Are regular braces or Invisalign better when you have a crown? Or are orthodontics even an option at all? I’m 34 and have one crown on a molar—it’s a CEREC crown if that matters. I was looking through the site and found information on what happens when you need to have a crown done during Invisalign treatment, but this is different because I haven’t even started anything yet. And for what it’s worth, my teeth aren’t super crooked or anything. I just have some crowding going on with my lower teeth.
The information is roughly the same, but let’s break it down.
Orthodontic work usually gets a green light even if you have restorative work. It’s a little more debatable if you have root canals or other things going on. Those teeth might not respond well to moving. However, if the teeth are monitored, even that should be ok. Your dentist may take additional precautionary measures in those situations, but that doesn’t apply to your situation anyway. You’re in the clear.
The biggest concern is that the tooth is healthy and the CEREC crown still has a good seal on it. As look as the restoration and tooth are in good condition, it’s fine. This applies to all types of crowns, whether we’re talking CEREC, porcelain, metal, or any other variety.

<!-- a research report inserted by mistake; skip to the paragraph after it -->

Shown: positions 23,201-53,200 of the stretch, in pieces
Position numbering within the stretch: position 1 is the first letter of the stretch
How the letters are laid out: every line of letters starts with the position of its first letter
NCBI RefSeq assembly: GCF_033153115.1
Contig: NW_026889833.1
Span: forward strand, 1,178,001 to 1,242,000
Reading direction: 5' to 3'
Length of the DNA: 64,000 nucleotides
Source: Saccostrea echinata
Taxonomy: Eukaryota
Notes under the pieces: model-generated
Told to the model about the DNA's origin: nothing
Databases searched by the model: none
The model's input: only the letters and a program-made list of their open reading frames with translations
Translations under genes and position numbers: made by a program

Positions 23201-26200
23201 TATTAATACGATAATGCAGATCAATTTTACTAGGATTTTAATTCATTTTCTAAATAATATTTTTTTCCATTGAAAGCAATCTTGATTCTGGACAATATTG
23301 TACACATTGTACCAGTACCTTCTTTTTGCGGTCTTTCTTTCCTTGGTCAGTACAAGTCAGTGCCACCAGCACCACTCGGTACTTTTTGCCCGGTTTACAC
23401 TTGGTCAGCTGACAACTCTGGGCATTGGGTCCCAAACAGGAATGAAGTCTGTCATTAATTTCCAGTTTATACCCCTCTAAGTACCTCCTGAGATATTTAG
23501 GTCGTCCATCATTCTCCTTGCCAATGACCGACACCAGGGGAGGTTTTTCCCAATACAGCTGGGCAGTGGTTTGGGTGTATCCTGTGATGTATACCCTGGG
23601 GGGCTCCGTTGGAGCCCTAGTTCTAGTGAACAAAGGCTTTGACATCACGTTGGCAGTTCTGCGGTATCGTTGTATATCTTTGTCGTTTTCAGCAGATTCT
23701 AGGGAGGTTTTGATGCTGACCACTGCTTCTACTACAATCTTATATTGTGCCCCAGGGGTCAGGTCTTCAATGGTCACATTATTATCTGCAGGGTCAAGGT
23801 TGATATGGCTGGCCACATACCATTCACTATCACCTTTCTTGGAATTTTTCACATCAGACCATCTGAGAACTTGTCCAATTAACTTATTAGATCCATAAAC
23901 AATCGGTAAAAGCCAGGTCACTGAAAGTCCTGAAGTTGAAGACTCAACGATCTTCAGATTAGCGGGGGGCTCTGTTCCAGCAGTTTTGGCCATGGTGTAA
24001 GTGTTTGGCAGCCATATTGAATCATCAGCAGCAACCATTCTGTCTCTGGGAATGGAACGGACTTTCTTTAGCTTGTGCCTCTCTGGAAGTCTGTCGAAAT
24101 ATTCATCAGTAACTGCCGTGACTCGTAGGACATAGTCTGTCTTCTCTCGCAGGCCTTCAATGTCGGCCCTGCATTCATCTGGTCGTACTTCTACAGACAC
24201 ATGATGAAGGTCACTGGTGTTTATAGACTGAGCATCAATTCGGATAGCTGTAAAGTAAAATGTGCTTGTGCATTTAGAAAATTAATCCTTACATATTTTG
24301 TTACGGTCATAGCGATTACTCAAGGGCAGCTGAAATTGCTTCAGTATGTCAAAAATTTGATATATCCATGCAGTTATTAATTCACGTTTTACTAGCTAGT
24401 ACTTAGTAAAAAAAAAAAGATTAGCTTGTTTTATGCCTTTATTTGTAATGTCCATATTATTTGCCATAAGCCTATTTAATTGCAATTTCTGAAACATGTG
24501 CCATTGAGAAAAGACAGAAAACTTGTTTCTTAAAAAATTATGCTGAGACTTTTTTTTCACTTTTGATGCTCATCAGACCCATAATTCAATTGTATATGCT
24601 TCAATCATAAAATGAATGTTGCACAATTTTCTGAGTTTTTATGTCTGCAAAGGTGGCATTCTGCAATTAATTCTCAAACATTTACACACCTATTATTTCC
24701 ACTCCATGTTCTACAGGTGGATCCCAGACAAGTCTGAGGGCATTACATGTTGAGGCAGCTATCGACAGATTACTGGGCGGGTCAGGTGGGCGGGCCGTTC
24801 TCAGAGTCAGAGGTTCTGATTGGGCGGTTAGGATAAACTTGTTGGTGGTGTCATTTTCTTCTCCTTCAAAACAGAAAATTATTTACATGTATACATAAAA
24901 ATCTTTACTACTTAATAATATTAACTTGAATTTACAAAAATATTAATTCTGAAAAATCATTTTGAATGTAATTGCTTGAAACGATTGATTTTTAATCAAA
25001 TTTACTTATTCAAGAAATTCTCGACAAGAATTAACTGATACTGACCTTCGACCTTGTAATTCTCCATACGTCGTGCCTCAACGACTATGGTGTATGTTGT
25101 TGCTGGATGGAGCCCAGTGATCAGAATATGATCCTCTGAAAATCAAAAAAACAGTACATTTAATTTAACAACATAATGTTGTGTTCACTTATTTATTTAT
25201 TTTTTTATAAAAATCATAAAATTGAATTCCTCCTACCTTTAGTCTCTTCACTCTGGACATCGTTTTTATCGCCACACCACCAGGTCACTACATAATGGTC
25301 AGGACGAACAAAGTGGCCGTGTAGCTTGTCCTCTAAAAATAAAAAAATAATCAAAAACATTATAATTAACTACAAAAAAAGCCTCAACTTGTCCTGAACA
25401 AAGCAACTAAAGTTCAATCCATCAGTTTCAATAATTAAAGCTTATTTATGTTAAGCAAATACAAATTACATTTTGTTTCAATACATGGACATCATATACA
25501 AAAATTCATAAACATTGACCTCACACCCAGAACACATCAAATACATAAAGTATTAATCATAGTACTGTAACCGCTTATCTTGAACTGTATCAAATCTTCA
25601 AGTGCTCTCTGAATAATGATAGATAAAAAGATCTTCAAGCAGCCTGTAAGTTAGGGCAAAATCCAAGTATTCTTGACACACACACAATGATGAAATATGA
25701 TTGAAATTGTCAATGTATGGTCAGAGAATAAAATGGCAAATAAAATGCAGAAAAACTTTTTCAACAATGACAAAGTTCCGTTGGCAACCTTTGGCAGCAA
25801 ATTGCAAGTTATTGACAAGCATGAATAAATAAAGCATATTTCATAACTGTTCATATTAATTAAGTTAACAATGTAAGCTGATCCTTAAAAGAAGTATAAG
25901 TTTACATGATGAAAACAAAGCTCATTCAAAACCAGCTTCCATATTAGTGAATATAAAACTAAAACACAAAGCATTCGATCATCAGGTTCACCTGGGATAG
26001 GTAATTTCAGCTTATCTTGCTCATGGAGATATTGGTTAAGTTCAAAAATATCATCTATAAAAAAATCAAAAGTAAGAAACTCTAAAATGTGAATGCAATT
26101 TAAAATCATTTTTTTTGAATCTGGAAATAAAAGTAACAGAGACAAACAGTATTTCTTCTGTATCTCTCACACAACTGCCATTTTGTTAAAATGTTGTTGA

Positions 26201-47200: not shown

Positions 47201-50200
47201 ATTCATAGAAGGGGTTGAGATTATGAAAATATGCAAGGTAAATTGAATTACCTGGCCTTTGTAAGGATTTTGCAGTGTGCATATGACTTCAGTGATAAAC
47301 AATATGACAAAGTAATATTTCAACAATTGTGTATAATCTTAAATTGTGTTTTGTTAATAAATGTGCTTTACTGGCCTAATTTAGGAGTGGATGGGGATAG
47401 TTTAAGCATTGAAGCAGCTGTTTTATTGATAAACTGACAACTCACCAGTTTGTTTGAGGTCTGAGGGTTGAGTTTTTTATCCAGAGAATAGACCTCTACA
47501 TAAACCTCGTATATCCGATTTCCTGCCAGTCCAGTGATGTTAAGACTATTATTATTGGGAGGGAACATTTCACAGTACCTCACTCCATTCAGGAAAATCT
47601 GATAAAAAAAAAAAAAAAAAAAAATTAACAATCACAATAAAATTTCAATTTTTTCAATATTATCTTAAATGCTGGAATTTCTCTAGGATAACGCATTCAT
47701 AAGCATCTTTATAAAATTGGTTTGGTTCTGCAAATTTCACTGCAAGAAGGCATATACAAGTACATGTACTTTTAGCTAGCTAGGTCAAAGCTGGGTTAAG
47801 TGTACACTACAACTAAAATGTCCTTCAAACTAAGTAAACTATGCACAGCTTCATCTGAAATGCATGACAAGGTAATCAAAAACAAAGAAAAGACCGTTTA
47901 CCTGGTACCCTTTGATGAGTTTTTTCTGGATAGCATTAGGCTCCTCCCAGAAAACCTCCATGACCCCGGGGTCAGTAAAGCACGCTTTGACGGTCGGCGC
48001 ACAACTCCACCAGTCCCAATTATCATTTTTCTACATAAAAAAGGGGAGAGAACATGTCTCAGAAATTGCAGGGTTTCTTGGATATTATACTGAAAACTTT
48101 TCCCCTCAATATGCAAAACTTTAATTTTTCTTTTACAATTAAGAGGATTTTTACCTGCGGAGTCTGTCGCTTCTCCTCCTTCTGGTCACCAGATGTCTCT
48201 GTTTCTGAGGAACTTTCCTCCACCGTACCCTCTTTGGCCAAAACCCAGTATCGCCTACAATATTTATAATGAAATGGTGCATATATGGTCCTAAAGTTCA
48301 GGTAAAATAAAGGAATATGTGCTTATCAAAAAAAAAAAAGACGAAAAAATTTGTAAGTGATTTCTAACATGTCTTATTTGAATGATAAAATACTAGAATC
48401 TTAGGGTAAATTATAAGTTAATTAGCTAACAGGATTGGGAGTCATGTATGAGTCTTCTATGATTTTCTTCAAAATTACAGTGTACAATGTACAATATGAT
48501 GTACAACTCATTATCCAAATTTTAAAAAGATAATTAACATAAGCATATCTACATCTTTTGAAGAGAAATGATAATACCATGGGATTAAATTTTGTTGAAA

The problem with traditional braces and crowns is that it can be harder to get the brackets to bond to the crown. Since Invisalign doesn’t usually require any bonding unless you need attachments/ buttons, it’s often the more ideal solution for people with restorations.
Sometimes shifting teeth can result in the need for adjustments to the crown after. When we’re talking about a back tooth like yours, it’s probably just minor bite adjustments. However, sometimes, the crown ultimately needs to be replaced at the end of orthodontic treatment and occasionally, other techniques may be necessary, such as recontouring the gumline to create a more uniform smile. That wouldn’t be the case with yours, as it’s not in a highly visible spot, but it’s worth mentioning.
Hopefully, this set your mind at ease a bit, but you’ll still need to have a consult with a local dentist to find out the specifics of your treatment. Clear braces are great in the sense that your whole mouth is literally mapped out ahead of time, so your dentist will know exactly what your alignment and bite will be like when you finish and can let you know if you’ll need to take additional steps after you finish ortho.
This blog is sponsored by Elgin Invisalign dentist, Dr. Steve Sirin.
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